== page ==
By Andrey Sviridov
American economist Peter Young — a professor at San Francisco University — has told the First National TV Channel, “You are situated at the centre, with millions of consumers around you; it is an advantageous location for factories and I’d recommend Belarus as a logistics centre for Europe. It’s essential to transport more goods from the European Union to and from Russia via Belarus. The advantageous location of Belarus between the EU and Russia is perfect for setting up industrial facilities. The country’s joining of a single customs zone with Russia and Kazakhstan is another attraction. The whole world is on the way to integration. However, it’s necessary to move further — to a free trade zone.”
Mr. Young assumes that Belarus may face challenges in changing its economic standards and that it may take a few years for efforts to yield results. “Investors need to feel confident of the value of the Rouble. We see the Government is dealing with this matter right now,” he notes. Energy prices are also of concern; according to Mr. Young, these should be strictly regulated, as keeping them below global prices will make industry more attractive.
One of Belarus’ major advantages is its high level of education, with the American specialist mentioning those working in the spheres of production and IT. “Your tractors are known even in our country, offering value for money,” he asserts. Mr. Young believes that Belarus can successfully invest in its heavy industry. He hails from Silicon Valley in Northern California, so well understands the personnel potential of Belarus. “Over the past three years, I’ve submitted more orders to Belarusian specialists than to anyone else, as your companies employ the best specialists and project managers. It’s greatly advantageous to produce programmes in your country.”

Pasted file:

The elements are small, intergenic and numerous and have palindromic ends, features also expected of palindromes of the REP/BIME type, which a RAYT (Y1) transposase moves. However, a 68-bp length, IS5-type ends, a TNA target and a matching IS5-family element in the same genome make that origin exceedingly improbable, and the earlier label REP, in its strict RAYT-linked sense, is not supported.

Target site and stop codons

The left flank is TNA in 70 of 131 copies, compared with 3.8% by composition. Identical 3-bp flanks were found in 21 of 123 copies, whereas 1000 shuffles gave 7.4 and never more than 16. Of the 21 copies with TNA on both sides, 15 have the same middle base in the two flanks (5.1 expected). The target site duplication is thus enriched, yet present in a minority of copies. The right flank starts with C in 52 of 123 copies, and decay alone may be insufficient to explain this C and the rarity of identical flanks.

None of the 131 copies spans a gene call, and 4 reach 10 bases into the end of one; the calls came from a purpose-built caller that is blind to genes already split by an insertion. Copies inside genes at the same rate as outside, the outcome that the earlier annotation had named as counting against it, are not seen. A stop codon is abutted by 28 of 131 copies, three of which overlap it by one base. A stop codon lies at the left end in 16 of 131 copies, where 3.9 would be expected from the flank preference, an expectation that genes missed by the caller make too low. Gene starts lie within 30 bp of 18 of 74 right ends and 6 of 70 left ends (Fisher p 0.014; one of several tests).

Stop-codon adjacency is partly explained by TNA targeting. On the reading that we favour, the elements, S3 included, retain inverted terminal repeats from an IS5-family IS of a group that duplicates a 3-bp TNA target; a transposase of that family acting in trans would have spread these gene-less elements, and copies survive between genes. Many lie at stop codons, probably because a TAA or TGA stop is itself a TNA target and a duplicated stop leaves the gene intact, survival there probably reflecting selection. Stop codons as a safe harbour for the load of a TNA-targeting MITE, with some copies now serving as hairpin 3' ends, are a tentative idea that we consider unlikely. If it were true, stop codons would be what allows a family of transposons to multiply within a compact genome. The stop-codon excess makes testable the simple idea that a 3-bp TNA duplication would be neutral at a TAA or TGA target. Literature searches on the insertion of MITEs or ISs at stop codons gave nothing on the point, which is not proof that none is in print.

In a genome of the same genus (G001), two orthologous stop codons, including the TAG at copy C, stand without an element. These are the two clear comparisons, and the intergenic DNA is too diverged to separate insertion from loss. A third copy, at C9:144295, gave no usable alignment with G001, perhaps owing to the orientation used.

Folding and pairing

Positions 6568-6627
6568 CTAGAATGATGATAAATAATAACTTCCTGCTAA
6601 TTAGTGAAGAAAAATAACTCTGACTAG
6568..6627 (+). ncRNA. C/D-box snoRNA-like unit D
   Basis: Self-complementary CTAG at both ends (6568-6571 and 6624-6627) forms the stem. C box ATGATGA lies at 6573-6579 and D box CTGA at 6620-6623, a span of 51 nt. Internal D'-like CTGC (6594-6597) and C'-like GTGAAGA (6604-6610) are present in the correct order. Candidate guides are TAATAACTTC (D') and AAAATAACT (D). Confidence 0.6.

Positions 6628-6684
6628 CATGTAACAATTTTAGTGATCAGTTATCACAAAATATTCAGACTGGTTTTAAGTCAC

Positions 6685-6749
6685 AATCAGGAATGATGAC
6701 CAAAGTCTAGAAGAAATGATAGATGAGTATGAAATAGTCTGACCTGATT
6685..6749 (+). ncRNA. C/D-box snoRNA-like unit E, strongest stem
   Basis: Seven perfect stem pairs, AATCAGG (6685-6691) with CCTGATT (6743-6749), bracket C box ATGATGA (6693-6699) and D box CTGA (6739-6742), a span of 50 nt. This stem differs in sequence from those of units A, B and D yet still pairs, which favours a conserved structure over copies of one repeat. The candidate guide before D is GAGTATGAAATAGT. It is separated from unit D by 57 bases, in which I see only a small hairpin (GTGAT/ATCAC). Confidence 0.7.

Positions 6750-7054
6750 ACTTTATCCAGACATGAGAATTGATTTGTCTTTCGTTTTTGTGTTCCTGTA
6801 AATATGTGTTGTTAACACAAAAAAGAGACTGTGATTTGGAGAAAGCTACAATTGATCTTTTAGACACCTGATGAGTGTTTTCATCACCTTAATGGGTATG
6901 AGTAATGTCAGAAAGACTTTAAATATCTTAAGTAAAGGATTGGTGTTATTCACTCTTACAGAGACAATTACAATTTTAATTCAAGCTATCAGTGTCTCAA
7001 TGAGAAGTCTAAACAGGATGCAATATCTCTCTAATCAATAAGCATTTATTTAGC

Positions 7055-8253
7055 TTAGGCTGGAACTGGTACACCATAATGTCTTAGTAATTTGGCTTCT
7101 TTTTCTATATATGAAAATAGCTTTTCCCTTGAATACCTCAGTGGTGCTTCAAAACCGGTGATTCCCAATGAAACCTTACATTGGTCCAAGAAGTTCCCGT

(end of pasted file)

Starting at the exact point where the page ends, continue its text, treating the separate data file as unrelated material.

Mr. Young also spoke about privatisation in Belarus. “I’m not sure that Russia is the best example for you. China — with its planned privatisation — may be a better option,” he stresses, adding that it’s better to keep a 50:50 ratio regarding privatisation, with clear rules delineated. “Private ownership is always more efficient than state ownership,” Mr. Young emphasises.